'Chinese Gardens' are a general term for Chinese-style gardens built in other countries, such as Astor Court at the Metropolitan Museum of Art in New York, Fanghua Garden in Munich, the Yanxiu Garden in Liverpool, the Seattle Chinese Garden in Seattle, and Yi Garden in Vancouver. Some of these gardens were built in the early 1900s. Just after the end of this period of exploitation, Eastern styles became fashionable in Europe and the United States. Some of these gardens were built in the 1980s or afterwards, serving as cultural 'gifts' between cities or countries and forming new historical relationships. Regardless of the reason, China Garden embodies cycles of history; it is a Western vision of Chinese culture, and a cenotaph that bears the yearning and distant histories of Chinese people.
Distance is another of the most important ideas in China Garden. Zhao Zhao stacked the cotton into bricks measuring 1.2 meters on two sides, but with different lengths. These bricks create another kind of labyrinth within China Garden. In this cotton maze, all of the distances and gaps were set at 1.2 meters, and all of the relationships and structures are multiples of 1.2 meters. This base number of 1.2 meters can be the foundation for endless layering or subtraction. 1.2 meters is the distance between people in this white garden. In international practice, this is the most common safe distance, but 1.2 meters also symbolises the constantly shifting distance between Eastern and Western.
Zhao Zhao has designed for viewers a public park with a private safe space in which people can maintain the best psychological and legal distance. As viewers walk in the garden, the repetitive yet tight sequences and the equidistant and undifferentiated relationships comprise a white mirror world, adding some purity and mystery to this garden. Early in the design process, the Sanskrit-like labyrinth had somewhat religious implications, but this garden also builds for us a microscopic landscape of distance. Here, distance is the most important information and most essential experience conveyed by the garden.
This distance is an examination of relationships, which are Eastern and Western, historical and political. From distance, humanity has produced civilisation, aesthetics, and thought. In the animal world, distance allows animals to coexist. When the distance between two animals is smaller than 1.2 meters, a fight is sure to start. In humanity, distance produces complex relationships between different peoples, cities, countries, societies, and systems. The smallest units are the close interactions between people and the comfortable distances between lovers or strangers, the distance between cars in the city and the distance between two cities, as well as the borders between countries and the differences, comparisons, and collisions between systems. In society, scientific, cultural, and political developments are shrinking distances and removing obstacles in order to seek out the maximum universality and speed. In the city, rules and arrangements facilitate the high-speed movement of groups by controlling for a safe and effective distance between people.
Cotton, distance, space, orderly passages, or voids become parts of the garden's design or control mechanism. A Chinese garden built in its native land is part of the current reality, but it is entirely built according to Western logic, techniques, and philosophies. In this garden, traditional aesthetics and literati dreams have already disappeared. The white tape on the exhibition hall floor replaces what would have been moss and duckweed in the past. A steel frame that can be quickly constructed, disassembled, and moved has replaced the pillars, beams, and flying rafters of traditional buildings. Western minimalist and industrial aesthetics replace the secluded ideal of ancient Chinese garden design. Cotton—which was never a 'flower' in the garden, but was a source of profit in the eyes of Westerners—blooms everywhere in Zhao Zhao's Chinese garden.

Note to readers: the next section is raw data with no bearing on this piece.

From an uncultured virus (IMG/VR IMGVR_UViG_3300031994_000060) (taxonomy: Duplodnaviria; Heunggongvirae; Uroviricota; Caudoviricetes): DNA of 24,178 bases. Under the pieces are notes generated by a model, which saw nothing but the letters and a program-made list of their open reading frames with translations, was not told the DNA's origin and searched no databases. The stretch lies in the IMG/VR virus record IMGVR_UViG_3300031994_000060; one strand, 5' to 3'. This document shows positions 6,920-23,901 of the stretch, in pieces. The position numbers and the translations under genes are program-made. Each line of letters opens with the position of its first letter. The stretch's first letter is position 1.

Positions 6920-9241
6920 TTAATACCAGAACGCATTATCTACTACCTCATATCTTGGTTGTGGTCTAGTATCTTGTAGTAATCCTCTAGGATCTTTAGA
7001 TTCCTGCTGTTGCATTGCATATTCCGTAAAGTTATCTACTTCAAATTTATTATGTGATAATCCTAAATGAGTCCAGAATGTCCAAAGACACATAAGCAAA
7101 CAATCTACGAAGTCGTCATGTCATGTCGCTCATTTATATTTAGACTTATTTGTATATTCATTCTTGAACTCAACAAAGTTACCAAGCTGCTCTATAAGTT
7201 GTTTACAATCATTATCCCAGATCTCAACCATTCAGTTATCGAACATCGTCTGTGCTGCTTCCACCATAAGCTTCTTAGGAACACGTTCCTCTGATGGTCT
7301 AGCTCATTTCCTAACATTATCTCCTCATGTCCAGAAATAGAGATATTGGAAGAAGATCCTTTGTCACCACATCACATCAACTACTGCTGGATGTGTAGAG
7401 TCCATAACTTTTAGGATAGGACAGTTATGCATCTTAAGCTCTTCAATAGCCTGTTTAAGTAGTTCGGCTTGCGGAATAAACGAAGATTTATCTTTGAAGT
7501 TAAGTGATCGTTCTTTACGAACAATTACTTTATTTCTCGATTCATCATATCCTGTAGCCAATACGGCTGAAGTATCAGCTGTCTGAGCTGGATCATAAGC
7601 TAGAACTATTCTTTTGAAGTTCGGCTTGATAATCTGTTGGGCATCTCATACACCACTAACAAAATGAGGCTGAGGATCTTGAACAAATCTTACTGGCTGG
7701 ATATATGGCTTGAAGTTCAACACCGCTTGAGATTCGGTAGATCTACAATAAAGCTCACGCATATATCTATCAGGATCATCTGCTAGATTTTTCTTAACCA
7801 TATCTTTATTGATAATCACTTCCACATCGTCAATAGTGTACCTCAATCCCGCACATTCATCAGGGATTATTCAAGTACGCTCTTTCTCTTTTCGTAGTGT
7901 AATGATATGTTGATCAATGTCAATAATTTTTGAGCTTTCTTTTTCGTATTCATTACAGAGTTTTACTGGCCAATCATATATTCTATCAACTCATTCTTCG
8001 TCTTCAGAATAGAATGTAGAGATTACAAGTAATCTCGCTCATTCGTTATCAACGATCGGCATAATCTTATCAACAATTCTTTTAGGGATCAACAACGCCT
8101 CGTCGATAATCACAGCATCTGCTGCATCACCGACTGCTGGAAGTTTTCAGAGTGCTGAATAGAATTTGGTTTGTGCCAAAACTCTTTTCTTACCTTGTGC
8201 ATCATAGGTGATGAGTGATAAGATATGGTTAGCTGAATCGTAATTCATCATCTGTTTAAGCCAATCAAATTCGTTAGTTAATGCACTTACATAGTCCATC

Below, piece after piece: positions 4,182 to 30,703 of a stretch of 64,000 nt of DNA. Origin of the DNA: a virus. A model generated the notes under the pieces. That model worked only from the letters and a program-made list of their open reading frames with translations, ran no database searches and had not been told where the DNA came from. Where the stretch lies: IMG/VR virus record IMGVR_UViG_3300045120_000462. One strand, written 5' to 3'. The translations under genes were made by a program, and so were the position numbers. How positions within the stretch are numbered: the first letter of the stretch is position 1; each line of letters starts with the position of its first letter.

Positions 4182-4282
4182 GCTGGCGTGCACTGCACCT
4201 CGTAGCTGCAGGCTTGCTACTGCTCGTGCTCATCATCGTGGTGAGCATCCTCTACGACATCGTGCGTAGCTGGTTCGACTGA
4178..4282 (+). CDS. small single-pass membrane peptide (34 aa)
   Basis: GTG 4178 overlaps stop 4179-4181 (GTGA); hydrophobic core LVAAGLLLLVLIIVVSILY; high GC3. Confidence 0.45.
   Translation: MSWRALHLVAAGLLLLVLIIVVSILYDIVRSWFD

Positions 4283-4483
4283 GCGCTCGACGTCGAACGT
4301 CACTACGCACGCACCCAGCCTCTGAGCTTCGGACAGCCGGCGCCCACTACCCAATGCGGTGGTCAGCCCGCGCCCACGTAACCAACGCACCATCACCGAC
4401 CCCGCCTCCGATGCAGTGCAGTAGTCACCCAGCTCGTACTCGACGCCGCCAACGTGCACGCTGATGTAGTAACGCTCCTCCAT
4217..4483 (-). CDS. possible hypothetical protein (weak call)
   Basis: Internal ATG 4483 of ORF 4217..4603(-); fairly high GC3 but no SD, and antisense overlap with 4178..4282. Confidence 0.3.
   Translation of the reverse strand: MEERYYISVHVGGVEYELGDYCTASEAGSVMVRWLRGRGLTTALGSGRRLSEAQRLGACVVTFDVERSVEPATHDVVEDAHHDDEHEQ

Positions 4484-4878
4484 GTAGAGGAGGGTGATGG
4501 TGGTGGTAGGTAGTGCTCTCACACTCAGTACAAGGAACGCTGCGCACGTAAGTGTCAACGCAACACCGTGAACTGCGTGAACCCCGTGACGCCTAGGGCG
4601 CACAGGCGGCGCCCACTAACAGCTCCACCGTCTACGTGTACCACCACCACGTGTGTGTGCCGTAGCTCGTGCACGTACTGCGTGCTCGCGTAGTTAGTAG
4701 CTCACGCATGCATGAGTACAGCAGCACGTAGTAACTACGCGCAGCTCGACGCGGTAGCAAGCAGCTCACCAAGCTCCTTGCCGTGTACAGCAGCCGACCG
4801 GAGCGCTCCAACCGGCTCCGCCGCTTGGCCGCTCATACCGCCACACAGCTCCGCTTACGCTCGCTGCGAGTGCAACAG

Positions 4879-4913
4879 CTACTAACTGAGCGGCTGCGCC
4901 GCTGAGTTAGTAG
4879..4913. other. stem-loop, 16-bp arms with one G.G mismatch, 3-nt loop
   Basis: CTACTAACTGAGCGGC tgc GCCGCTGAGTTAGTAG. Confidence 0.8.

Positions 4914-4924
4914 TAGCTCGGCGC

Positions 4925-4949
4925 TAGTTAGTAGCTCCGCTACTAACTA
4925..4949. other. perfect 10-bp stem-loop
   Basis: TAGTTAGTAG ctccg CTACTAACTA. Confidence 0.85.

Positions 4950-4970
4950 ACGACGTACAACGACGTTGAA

It is simply white, fully white. What Emperor Huizong of Song called the colour of 'ceramic that cannot be used because it was improperly glazed' has become the only tone for the entire garden. In Western civilisation, white has a decidedly different meaning; it can be political, radical, and terrifying, but it can also mean purity, emptiness, and concealment. White is presence and absence; it is a general summary.
However, this Chinese garden that is entirely 'northwestern' in structure, but it also has Buddhist symbolism. Zhao Zhao places every viewer within a white plane. In the moment that viewers enter the garden, they become props, like a tree or a bird. In this garden, you are in me and I am in you. Cotton and the viewers together create this new China Garden.
(III) — China Garden has a deep Eastern sensibility and we can easily feel the Otherness in the name. It reflects a Western view of Chinese culture that began with the sixteenth-century missionaries, underwent multiple colonial and trade revolutions, and culminated in a love of Bruce Lee and kung pao chicken. Chinese gardens are symbols of ancient China and the Far East, and products of the fusion of Eastern and Western cultures; it's simply that one side is the oppressed and one is the oppressor.
Today, the idea of the Chinese garden, created by Westerners, has become the title of this work, and Zhao Zhao added a layer of humour and satire. The cotton opening in the garden is not a feature of an Eastern garden and it is not part of the civilisation disseminated by Westerners. The stories conveyed by safe distances, simple structures, and dazzling white transform current references to cotton into something completely ambiguous and indistinct. The garden touches on past events that are full of joy and blood, violence and money, prosperity and decline; they flutter around this modern Chinese garden like flowers and dust.
Zhao Zhao sensitively captures and expresses all of this. He simply catches these fleeting temporal-spatial emotions, and he also imbues these emotions with larger historical frameworks and real references. There is nothing left of these aestheticised and romanticised Chinese gardens. The distances we are dealing with are no longer as far as the East India Company traveling around the Cape of Good Hope, so we no longer need to understand the world from the writings of missionaries and wandering authors. In this garden, fabricated visions have long since disappeared. The simple structures and densely packed and packaged cotton represent labour, harvest, evil, purity, and money. This garden is not the allegorical world of the literati, a reclusive utopia. It has already become a tightly packed and neatly planned modern factory. The garden just seems to be white, but it encompasses red and black, crime and punishment, idiots and saviors.